with the goals and principles of the Charter of the United Nations and
the Constitutive Act of the African Union.
They called for enhanced strategic dialogue between Africa and France
for a shared vision of threats. They affirmed that peace, security, and
the promotion and protection of human rights were inseparable and
that a rapid response in the event of serious human rights violations
could be an effective conflict prevention tool. They also highlighted
that the establishment of terrorist and criminal networks - drug and
human traffickers, poachers and traffickers in endangered species, who
fuel corruption networks, as well as those who exploit natural resources
illegally - are a threat to peace and security in Africa and worldwide.
They considered that partnerships in the fight against terrorism
and transnational organized crime should emphasize training and
information sharing. Aware of the threats linked to piracy and maritime
trafficking, and building on the success achieved in the Horn of Africa
and the Indian Ocean, the Heads of State and Government committed
to continuing their efforts and improving regional and international
cooperation to ensure the security of the African maritime domain.
These developments indicate the emergence of the region maritime
security community consciousness. Christian Bueger71, notices that a
71 C. Bueger, ’Communities of Security Practice at Work? The Emerging African Maritime
Security Regime’, African Security, 6 (3-4), 2013: 297-316. See also C. Bueger, ‘Practice,
Pirates and Coastguards: The Grand Narrative of Somali Piracy’, Third World Quarterly,
34:10 (2013), 303.
Herman Touo 113
‘security community is characterized by a shared repertoire that includes
a shared securitisation, a joint enterprise to include shared projects of
protection, and a high level of mutual engagement’. This meets the new
Swedish policy on the role of its Armed Forces. It holds that:
‘Defending a nation has historically been equivalent to
protecting its borders. Today, defending a nation can take
place far away, through creating peace, stability and prosperity
in turbulent parts of the world. In this manner, defending a
nation has come to include defending its values, and protecting
democracy or human rights”. 72
The current lack of maritime safety and security in the Gulf of Guinea
has a negative impact on stability, human security, economic and
political development in the region. In reality, Africa should find the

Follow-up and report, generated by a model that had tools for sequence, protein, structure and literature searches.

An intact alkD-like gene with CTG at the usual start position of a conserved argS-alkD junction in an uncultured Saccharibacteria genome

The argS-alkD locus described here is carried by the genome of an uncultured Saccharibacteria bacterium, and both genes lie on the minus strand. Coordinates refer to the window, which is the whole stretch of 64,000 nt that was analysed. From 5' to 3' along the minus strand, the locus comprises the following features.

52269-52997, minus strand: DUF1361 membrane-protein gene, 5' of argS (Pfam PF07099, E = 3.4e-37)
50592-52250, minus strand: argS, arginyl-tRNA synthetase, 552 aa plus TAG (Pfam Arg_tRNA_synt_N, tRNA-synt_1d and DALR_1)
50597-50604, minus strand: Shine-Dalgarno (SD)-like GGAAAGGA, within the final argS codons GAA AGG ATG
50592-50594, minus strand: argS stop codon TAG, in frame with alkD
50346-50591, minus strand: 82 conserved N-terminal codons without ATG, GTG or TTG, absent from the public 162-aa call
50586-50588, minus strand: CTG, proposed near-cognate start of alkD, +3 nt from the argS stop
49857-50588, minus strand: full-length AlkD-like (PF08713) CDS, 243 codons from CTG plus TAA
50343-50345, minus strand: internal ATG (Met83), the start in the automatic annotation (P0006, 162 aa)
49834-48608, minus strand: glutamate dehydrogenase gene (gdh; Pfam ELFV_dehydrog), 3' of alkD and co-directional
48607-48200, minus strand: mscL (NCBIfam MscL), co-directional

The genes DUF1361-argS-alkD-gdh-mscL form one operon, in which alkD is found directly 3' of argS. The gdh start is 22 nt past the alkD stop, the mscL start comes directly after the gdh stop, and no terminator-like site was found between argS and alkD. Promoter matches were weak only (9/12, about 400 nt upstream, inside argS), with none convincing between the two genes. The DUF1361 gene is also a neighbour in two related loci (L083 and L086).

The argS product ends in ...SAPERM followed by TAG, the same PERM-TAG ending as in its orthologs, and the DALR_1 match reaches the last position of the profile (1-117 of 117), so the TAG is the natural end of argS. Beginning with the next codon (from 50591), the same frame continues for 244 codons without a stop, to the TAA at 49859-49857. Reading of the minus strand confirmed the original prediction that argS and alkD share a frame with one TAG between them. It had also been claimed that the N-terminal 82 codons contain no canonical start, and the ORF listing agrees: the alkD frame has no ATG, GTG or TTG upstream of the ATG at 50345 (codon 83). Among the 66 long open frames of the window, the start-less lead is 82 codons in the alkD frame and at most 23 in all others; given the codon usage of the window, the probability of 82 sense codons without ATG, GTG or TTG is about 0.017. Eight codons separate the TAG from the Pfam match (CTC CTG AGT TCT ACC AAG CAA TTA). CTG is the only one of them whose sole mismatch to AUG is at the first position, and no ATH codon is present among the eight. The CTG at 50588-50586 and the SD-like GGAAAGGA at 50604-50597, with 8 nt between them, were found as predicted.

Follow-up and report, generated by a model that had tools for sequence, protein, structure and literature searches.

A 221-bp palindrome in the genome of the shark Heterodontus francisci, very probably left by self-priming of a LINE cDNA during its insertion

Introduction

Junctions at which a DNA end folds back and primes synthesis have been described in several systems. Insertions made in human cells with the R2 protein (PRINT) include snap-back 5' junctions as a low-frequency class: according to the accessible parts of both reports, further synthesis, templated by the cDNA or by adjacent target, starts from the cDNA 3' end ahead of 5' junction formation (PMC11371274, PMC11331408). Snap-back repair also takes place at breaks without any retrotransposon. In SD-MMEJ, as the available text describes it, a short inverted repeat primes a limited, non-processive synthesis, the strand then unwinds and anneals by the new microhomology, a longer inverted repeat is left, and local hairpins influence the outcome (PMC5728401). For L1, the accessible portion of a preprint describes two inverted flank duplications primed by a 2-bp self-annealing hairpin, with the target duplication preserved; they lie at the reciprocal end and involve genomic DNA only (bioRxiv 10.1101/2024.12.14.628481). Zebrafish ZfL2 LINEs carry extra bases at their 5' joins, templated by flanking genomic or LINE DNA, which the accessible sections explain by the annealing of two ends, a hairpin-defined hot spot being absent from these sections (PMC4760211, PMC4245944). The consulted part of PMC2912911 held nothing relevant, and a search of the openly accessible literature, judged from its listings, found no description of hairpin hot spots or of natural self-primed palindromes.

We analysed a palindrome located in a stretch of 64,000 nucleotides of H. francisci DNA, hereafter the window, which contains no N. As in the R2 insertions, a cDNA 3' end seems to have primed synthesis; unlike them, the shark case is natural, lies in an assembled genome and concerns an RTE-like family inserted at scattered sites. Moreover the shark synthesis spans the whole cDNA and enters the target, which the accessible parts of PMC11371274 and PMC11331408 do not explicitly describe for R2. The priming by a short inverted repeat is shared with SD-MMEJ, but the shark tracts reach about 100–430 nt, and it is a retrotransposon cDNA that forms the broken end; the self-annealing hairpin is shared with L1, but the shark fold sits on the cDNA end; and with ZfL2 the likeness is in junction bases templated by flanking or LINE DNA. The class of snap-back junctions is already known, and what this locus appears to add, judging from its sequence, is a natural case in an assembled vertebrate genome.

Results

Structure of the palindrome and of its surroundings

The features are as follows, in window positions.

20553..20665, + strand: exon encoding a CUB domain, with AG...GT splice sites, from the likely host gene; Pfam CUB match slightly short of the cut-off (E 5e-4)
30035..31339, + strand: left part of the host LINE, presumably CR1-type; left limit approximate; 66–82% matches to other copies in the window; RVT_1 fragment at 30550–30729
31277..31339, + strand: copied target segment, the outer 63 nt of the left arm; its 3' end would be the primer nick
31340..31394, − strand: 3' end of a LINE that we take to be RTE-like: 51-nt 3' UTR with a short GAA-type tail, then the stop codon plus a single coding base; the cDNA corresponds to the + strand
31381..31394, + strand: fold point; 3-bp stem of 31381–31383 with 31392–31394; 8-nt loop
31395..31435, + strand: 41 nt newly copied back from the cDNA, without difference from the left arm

means to ensure its own security with the assistance of the international
community. A major challenge to the United Nations and other
multilateral actors has been a quest for a holistic solution to maritime
insecurity and piracy although such efforts in the Gulf of Guinea have
been, to a certain extent, relatively late. Representing a more general
shift in security interventions in Africa, countering piracy and terrorism
is now presented as part of a broader ‘peace and security’ agenda, but
despite using new methods to engage with so-called crucial parts of the
population, this repositioning is not a paradigm shift. Regardless of the
different approaches and objectives, the various projects have ambiguous
effects and donors have not abandoned the traditional rationality, which
privileges homeland security over human security in some recipient
countries. Therefore, time has come for Africans to assume meaningful
ownership of their maritime resources and safeguard the region through
comprehensive and interactive strategies to ensure peace and stability,
72 Quoted by R. Inglehart and P. Norris, op. cit, 75.
114 Peacebuilding in Sub-Saharan Africa: African Perspectives
thereby prompting sustainable development in the Gulf of Guinea. A
united front in this situation promises to be the best approach. The Golf
of Guinea nations should also build a better, more integrated intelligence
capabilities to provide timely, accurate information on threats;
coordinate closely with external actors to form a common assessment
of the most dangerous threats; and continue to professionalise their
military forces to ensure their ability to conduct rapid and precise
operations to achieve decisive results. Conspicuously poor governance
undermines national and regional stability. For decades, political power
has been rooted in access to the nation’s wealth, distributed to a small
coterie of supporters.73 States must do something by making every
effort to promote good governance, equity in development, democratic
norms, respect for human rights, internalise the principle of ‘the right
man at the right place’ in public administration and effective emergence
response to human suffering. A Nation is successful because of the hard
work, creativity, and enterprise spirit of its people. We suggest that the
‘curse’ of oil in the Gulf of Guinea should be perceived as a treatable
‘disease’ that can be cured by genuine democratic governance. Piracy
threatens the fragile living conditions of people. Maritime piracy cannot
adequately be addressed and eradicated unless it is seen as both a cause
of social and economic hardships and an effect of social, political and
extreme poverty as well. Therefore, our thesis is that the sustainable
response to the socio-economic and political environment that gives
rise to and sustains maritime piracy is that all the costal countries of
the Gulf of Guinea zone develop economically, industrialize massively
and be able to maximize, through strongly constructed democratic
governance, the benefits of the exploitation of the natural resources that
are available in the region.
73 D. L. Goldwyn & J. S. Morrison (cochairs), ‘Promoting Transparency in the African Oil
Sector’, op. cit, 17.